> * Make a default initscript configuration directory on the target:
> /etc/default/SERVICE which matches the {Sxx,Kxx}SERVICE initscript.
> * Allow this configuration to be overriden via another directory:
> /etc/config/SERVICE

 Here I have the feeling we're entering the realm of unnecessary complexity. In
fact, I'm not even sure if run-time sourcing of a configuration file is
necessary to begin with. In practice, when adapting the boot behaviour, I look
at what is installed by buildroot in /etc/init.d and then either copy and modify
the init script to my rootfs overlay, or add a /etc/default file. But more often
than not when I have to adapt one of the defaults, I still want to change
something else in the init script anyway. So for me, init scripts with no
configuration at all are good enough. I don't even need variables to control
options or anything like that - it's much easier for me to just change the
command line that starts the daemon.

 We're not like a distro, where you want to avoid conflicts between the package
maintainer's updates to the scripts and the administrator's configuration. We
basically never have real fixes in the init scripts, only cleanups. So when a
user has tuned an init script for their purpose, there is almost never anything
useful in the changes pushed by buildroot.

> By default we install /etc/default/SERVICE and leave /etc/config/SERVICE
> for users to tinker with.
> Many scenarios are covered by this.
> Users can ship /etc/default/SERVICE as a default/safe/fallback config
> for their products (for example rootfs being RO) with /etc/config being
> a RW filesystem (or symlink to one) where their users can
> customize/write configuration data.
> The initscript sources /etc/default/SERVICE first, and then, if
> available, /etc/config/SERVICE to override config options.
> If the "box" (target) has a reset switch this could be checked at boot
> time and trigger a simple "rm /etc/config/*" routine to get rid of the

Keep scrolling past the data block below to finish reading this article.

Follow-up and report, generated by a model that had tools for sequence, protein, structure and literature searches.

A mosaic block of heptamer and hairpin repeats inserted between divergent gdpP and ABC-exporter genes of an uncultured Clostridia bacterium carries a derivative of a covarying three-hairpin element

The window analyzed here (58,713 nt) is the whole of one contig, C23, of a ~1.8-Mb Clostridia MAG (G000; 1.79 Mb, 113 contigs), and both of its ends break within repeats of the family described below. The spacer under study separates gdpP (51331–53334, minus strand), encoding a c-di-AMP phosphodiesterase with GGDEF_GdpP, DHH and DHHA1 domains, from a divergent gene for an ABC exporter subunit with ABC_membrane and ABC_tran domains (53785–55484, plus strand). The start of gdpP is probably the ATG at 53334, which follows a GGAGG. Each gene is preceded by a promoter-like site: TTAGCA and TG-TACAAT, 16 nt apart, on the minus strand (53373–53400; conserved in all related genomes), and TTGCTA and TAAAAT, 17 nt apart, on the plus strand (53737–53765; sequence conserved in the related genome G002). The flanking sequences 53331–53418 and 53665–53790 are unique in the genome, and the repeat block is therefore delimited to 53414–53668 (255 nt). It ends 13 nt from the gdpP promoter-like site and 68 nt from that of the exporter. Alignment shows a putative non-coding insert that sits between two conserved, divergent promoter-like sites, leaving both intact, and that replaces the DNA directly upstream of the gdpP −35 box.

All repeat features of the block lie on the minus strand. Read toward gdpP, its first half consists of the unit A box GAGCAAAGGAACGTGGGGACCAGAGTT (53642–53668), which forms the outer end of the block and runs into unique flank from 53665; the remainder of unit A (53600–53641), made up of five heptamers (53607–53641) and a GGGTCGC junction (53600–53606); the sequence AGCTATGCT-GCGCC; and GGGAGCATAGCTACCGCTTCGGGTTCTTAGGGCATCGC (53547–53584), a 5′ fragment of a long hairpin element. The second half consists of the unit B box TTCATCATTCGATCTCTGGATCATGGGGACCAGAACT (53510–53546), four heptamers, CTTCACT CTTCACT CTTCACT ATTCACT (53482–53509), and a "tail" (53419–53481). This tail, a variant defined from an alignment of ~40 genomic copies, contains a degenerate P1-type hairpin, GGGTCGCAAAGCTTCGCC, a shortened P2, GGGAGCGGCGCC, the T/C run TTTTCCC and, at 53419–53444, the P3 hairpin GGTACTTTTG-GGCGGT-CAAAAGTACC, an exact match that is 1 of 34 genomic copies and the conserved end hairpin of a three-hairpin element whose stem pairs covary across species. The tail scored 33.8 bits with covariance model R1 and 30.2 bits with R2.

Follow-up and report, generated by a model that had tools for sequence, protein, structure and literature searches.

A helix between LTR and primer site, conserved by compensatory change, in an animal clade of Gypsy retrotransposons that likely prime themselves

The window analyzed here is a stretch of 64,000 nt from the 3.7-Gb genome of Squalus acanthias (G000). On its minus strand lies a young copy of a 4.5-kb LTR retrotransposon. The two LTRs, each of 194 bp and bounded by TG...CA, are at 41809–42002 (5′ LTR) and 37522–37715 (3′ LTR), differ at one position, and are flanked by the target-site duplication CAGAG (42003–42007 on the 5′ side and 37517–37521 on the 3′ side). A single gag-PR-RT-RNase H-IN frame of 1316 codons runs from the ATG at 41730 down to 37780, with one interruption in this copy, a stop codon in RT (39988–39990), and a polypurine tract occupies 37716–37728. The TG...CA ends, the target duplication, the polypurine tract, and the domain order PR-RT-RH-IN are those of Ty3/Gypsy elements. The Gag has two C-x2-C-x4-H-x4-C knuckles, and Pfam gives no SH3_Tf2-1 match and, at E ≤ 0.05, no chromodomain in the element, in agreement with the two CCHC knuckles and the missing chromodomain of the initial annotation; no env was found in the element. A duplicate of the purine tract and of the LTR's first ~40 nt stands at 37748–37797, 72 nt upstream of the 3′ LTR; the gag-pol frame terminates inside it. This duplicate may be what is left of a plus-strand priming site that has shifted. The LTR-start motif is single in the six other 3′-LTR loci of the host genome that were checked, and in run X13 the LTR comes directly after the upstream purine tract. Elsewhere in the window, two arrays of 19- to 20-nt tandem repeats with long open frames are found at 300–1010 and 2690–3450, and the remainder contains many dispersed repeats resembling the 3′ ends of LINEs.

> config files via a custom script, or just move it out of the way to
> avoid evaluation (or more advanced scenarios like last known good
> config, backup config, and so on).

 Hello Leonard :-) [1]

 I personally don't see a use case for service tweaking after installation in
the buildroot context. I think that in practical cases, you'll want to have
configuration controlled by something else anyway, e.g. uci.

> * Customizable start/stop order via an enhanced rcS/rcK and an
> "initscript table" in the target leaving all the initscripts level-less
> in their name (creating a default/recommended table for this automatically).

 As mentioned on IRC: that sounds like file-rc.

> * Triggers: tricky, but doable. One script when successful calls another
> one to start/stop. This way if say an ethernet connection bringup fails
> a fallback WWAN one can be established.

 And this sounds like openrc (or systemd :-)


> I probably forgot about some details... bring in the ideas and flames!
> Regards.

[1] http://0pointer.net/blog/projects/stateless.html

Arnout Vandecappelle                          arnout at mind be
Senior Embedded Software Architect            +32-16-286500
Essensium/Mind                                http://www.mind.be